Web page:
Perdue had noticeably improved in several important categories in 1912 despite missing more than 20 days for disciplinary and injury reasons. He led the pitching staff with 13 wins and ranked third in innings pitched (249) and games started (30). The season also witnessed the birth of his newest nickname from the pen of Grantland Rice, the enduring “Gallatin Squash.”18 On the forgettable side, Perdue led the National League in home runs allowed and was fourth in total base hits and earned runs. His batting woes continued and he did not register a single RBI.
In 1913 Hub welcomed the selection of fellow Southerner George Stallings as the newest skipper in Boston. But Stallings was a no-nonsense individual, and he was fated for numerous run-ins with the affable Tennessean. On Opening Day Hub toed the slab in the Polo Grounds in front of 20,000 raucous fans who anticipated a one-sided slaughter. But Hub outdueled Jeff Tesreau and limited the Giants to two hits in a stunning shutout. By June the press was touting Perdue as a “Giants Killer,”19 and his growing notoriety allowed Stallings, who desperately sought to add an outfielder, to dangle his hurler as trade bait to the Reds and Dodgers.
A pivotal series in Pittsburgh in mid-July sealed Perdue’s future with the Braves. As Hub prepared to take his first at-bat against Babe Adams on July 14, Stallings pulled him aside with special instructions to take his batting more seriously and “mix ’em up.” In his first plate appearance, Hub struck out batting right-handed. On his second trip, he switched to the left side and likewise struck out. In his third attempt, the jester took called strikes from each side of the dish to record his third “K.” Stallings fumed over Perdue’s cavalier attitude in the batter’s box. “When I got back to the bench,” Hub later recalled, “George demanded to know what in the h___ I thought I was doing.” “Obeying instructions,” Hub replied, “but I don’t believe George sees the joke yet.”20 Perdue had fallen out of favor with Stallings.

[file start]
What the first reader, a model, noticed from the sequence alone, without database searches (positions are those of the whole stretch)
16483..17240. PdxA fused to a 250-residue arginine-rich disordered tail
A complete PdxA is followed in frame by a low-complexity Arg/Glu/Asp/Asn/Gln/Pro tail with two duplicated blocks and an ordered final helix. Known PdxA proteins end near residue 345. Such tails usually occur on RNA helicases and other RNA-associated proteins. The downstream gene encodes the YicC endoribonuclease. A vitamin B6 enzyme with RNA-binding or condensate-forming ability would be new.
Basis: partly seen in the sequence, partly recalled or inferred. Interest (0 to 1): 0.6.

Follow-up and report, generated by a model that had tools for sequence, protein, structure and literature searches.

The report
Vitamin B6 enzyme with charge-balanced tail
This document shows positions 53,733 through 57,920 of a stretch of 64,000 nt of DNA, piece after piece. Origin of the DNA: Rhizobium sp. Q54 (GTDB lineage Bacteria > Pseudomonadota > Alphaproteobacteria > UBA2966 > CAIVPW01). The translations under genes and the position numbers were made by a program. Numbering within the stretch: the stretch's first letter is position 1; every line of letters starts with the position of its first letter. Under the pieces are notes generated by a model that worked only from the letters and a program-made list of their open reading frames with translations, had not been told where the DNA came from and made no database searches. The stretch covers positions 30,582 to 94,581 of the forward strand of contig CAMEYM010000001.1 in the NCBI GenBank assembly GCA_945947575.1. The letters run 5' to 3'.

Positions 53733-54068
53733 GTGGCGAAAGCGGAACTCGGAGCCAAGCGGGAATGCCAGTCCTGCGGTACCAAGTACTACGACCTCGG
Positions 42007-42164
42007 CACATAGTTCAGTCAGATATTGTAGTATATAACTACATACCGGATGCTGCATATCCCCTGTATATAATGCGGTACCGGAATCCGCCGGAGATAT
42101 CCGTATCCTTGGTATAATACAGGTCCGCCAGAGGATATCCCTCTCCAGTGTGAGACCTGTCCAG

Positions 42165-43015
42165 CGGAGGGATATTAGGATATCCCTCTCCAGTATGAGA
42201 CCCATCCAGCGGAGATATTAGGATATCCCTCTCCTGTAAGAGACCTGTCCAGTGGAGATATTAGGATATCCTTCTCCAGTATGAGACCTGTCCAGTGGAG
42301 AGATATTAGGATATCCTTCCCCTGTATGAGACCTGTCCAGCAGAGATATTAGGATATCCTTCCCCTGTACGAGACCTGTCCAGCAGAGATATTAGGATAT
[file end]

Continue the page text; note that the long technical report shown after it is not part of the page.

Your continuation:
The Boston Braves climbed to fifth place in 1913 and Perdue claimed several personal bests. He established his first winning record in the majors (16-13), shared most team wins with Lefty Tyler and whittled down his ERA to 3.26 – an improvement of 0.54 from the previous year. His WHIP dipped to 1.13 and he appeared in more than 200 innings for the second consecutive year. Perhaps most impressive, however, was his complete domination over the Giants (3-0 and two nondecisions that resulted in Boston victories). In fact, so impressed was McGraw that he invited Perdue to accompany his postseason barnstorming world tour.21 Perhaps the mogul hoped to obtain the secret behind Hub’s mastery over his beloved Giants. Perdue revealed that he owed his success with the spitball to a special brand of chewing tobacco, the Pat Burnley twist; its spittle gave his fingers just the right amount of lubrication to make the ball behave in unexpected ways. Supposedly, McGraw ordered all of his pitchers to use Perdue’s brand. Incidentally, the Tennessean declined McGraw’s offer to join the overseas excursion.